The cities of yesterday are dead. Don’t just take my word for it. Look around. Take NYC, where foot traffic is a fraction of what it was. That doesn’t mean there isn’t a way forward. It comes with making sections of cities small towns where residents control what it’s like to live there. Imagine farmer’s markets, outdoor seating, safety, and an involved citizenry. There will be a fine line between places in the cities you’ll want to stay and visit and the NO GO ZONES, much like Paris, France. It will happen. Stick with me.
The Wall Street Journal reports (abridged):
People want to live in Manhattan as much as they ever have. The problem is that not enough people want to work there.
And for Midtown Manhattan, a neighborhood built on the five-day-a-week commuter, that is a problem so momentous that after decades as the dominant office district in the country, real-estate developers and city planners are trying to imagine what else it can offer.
On the residential side, Manhattan apartment rentals are booming and sales are reaching record levels. But offices in Midtown are attracting barely one-third of their pre-pandemic workforces.
“There’s no question that Midtown is going to have to reinvent itself,” said Chris Jones, senior research fellow at the Regional Plan Association, an urban-planning group.
Tourism, upgrades to public transit and more dynamic, pedestrian-centered streets would help Midtown attract the people it needs, Mr. Jones said. “The transition is going to be hard. It’s going to be hard on small businesses and low-wage workers that don’t have the resources to adapt,” he said.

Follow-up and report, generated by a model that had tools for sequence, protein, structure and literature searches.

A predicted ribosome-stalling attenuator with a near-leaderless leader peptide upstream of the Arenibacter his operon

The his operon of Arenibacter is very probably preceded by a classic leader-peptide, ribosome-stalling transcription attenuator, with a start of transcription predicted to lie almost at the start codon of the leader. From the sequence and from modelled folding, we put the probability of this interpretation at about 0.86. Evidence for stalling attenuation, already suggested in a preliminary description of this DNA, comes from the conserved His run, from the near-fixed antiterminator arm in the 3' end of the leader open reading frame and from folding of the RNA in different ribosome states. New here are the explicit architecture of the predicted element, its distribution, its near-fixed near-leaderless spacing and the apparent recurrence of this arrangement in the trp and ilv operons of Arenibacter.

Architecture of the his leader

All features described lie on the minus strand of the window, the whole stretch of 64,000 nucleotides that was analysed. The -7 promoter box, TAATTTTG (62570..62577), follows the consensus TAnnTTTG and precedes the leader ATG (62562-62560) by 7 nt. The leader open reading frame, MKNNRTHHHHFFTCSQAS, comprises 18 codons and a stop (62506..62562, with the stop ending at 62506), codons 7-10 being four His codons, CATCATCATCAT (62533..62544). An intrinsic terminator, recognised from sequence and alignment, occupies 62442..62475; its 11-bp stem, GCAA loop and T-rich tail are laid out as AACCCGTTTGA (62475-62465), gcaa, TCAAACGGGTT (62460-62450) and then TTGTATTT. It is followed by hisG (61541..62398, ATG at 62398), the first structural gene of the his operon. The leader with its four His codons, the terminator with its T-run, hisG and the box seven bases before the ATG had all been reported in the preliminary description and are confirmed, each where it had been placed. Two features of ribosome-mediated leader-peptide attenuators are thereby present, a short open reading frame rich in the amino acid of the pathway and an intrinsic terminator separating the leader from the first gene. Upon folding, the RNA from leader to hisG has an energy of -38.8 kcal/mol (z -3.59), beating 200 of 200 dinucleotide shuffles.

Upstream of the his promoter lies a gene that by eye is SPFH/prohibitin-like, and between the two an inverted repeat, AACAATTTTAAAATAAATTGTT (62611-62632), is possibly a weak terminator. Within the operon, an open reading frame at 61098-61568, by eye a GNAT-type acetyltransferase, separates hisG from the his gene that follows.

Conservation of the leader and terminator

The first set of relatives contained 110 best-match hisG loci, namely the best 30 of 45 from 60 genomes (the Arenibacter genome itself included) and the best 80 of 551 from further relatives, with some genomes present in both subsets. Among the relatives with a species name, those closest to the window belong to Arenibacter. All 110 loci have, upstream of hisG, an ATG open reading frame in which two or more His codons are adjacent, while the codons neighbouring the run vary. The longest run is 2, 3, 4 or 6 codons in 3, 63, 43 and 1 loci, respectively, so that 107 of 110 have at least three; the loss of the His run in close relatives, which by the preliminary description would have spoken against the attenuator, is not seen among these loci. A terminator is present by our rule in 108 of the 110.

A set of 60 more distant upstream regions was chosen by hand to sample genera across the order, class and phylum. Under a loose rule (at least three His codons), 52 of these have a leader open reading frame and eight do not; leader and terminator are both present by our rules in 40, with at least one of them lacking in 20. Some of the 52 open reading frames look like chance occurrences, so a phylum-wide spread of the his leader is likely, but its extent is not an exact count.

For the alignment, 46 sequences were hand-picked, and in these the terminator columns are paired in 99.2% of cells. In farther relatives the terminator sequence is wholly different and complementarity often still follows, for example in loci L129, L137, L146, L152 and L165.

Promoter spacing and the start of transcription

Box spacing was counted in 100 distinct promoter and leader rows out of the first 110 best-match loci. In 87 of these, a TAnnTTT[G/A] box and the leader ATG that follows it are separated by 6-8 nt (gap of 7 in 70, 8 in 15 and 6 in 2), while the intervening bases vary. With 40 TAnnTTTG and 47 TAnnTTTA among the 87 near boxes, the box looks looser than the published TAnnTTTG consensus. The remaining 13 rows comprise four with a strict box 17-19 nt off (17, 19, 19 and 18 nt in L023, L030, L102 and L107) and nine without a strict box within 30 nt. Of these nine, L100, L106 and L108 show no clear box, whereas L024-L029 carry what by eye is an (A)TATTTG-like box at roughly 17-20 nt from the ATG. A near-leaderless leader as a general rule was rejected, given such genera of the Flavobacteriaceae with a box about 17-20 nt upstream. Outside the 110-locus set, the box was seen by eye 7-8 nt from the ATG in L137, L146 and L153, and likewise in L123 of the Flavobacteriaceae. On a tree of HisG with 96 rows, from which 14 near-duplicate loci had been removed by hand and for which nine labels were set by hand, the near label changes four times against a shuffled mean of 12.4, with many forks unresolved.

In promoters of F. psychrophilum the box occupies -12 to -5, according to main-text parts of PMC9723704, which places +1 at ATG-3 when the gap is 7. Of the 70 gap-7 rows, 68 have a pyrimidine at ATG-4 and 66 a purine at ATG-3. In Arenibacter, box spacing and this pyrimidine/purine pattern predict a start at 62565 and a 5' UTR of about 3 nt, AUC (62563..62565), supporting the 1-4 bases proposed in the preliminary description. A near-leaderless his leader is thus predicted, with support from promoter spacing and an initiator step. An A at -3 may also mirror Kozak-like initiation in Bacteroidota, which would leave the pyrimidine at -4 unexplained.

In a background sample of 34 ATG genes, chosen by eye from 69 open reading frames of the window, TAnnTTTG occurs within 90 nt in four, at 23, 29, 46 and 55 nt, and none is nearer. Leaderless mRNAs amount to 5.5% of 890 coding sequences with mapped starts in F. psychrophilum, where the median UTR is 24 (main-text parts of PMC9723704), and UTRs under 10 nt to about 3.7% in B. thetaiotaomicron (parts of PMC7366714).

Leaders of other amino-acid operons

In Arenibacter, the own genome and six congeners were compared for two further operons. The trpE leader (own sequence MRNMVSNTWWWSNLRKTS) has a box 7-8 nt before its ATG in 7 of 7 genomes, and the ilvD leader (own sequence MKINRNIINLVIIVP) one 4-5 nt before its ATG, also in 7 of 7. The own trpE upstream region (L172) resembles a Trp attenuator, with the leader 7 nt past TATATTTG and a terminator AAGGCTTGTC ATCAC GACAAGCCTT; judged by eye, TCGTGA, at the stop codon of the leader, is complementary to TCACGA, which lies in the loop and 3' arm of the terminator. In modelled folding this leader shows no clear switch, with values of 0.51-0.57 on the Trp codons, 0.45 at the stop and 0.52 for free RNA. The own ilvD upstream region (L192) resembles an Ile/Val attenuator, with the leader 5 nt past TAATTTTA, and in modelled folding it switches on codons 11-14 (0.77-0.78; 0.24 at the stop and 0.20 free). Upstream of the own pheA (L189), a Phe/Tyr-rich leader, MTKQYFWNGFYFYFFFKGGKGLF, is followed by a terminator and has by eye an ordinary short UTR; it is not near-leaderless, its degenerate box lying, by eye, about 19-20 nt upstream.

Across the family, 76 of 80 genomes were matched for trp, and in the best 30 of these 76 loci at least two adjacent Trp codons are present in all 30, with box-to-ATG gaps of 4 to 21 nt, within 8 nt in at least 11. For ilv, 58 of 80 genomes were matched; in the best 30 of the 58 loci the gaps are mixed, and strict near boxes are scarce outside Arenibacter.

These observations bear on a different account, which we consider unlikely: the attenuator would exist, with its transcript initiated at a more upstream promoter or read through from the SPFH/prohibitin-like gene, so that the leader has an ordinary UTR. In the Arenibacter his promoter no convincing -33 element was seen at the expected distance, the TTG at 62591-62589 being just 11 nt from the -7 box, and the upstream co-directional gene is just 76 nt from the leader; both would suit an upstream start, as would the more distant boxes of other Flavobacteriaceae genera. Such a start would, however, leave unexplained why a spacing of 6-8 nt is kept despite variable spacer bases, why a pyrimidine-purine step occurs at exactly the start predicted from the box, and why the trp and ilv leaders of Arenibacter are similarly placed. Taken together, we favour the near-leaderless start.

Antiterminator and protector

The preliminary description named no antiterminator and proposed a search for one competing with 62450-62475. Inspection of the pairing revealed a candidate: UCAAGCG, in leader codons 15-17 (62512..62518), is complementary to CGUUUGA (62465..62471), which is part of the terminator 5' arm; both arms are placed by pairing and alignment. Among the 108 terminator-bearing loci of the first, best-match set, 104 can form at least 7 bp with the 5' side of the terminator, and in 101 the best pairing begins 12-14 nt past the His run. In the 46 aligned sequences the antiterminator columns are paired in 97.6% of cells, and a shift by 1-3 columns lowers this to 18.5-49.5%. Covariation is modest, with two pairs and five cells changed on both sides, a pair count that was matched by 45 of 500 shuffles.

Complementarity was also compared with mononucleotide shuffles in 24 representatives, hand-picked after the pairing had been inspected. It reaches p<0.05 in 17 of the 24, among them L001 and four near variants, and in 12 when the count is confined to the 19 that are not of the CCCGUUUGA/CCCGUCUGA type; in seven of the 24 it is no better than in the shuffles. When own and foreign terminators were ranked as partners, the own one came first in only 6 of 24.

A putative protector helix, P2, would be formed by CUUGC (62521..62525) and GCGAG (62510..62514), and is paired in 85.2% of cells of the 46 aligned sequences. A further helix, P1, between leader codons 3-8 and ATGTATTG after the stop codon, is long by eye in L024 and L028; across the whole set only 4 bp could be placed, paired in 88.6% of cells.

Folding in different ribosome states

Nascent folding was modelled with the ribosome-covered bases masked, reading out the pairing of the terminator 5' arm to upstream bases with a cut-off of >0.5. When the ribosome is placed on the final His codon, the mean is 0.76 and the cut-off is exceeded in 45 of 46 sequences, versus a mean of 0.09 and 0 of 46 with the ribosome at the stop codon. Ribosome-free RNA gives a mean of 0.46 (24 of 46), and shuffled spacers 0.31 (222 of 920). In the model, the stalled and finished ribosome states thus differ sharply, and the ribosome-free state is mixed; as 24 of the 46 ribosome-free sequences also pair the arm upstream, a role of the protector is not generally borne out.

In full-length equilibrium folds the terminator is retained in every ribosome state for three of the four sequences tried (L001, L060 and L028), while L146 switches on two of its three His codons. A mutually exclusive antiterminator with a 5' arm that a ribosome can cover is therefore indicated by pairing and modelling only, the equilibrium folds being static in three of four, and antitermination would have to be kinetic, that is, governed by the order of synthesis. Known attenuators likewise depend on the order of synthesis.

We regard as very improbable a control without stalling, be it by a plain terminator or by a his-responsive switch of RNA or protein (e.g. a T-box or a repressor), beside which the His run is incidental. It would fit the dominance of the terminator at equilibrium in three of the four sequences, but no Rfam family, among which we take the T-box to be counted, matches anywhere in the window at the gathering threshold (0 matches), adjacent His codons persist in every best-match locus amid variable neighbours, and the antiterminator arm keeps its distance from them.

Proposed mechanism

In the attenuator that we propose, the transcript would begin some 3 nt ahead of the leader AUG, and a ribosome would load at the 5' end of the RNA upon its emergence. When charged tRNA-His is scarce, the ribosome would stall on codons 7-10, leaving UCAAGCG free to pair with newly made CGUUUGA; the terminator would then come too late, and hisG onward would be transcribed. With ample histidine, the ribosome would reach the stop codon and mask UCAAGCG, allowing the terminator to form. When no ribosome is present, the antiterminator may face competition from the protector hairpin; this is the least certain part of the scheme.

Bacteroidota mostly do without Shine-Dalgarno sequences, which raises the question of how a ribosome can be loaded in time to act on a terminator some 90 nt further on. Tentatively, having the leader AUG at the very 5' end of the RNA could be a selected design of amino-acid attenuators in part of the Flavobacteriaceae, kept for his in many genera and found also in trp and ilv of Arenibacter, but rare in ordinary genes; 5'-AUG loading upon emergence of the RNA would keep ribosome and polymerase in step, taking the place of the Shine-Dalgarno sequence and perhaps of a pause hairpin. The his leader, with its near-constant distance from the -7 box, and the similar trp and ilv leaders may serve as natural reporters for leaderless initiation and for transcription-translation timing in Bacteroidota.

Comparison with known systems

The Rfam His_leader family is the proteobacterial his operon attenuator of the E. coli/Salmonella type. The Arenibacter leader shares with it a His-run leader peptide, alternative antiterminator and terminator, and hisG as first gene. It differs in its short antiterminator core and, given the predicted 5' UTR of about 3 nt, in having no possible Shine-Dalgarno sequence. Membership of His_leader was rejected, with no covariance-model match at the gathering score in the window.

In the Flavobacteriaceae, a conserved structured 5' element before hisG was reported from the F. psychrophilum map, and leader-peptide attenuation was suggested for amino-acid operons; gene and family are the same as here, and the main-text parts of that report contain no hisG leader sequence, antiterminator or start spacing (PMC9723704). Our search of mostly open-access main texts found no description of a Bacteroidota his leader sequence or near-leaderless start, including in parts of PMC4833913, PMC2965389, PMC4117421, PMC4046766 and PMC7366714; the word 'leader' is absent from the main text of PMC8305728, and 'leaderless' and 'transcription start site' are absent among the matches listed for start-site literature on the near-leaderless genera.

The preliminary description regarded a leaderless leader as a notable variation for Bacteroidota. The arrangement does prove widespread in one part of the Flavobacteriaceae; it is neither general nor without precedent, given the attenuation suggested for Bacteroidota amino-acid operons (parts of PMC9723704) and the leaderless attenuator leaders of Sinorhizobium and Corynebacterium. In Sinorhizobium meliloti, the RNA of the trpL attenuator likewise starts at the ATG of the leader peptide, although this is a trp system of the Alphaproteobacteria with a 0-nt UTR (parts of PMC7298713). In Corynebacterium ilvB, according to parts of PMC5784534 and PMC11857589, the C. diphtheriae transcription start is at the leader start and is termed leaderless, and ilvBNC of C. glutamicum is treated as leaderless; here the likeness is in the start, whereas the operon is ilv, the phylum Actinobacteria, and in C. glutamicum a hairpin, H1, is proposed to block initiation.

Manhattan was home to one of the world’s biggest and busiest office districts before the pandemic, with a daytime workforce larger than the entire population of Houston. An estimated 2.6 million people worked in the borough three years ago, 70% of whom commuted in from other parts of the city or its suburbs, according to the Department of City Planning.
The WSJ continues:
Now, after two years of remote work, the formerly bustling Midtown office district feels more than a little hollowed out. A peek inside office towers reveals floors of vacant cubicles. Once-packed commuter trains arrive at Grand Central Terminal and New York Penn Station with ridership at less than half of pre-pandemic levels. Restaurants, bars and shops that depended on heavy foot traffic have gone out of business.
In New York, and other cities across the country, it’s becoming clear that even when people feel safe going out to eat or shop, most don’t want to return to their daily commutes.
New York City Mayor Eric Adams and New York Gov. Kathy Hochul have prodded employers to bring their workers back, but to little effect. Keycard swipes tracked by security company Kastle Systems show that Midtown offices barely cracked one-third of their pre-pandemic workforces in the first two weeks of March, despite falling Covid-19 infection rates.
E.J. Smith - Your Survival Guy
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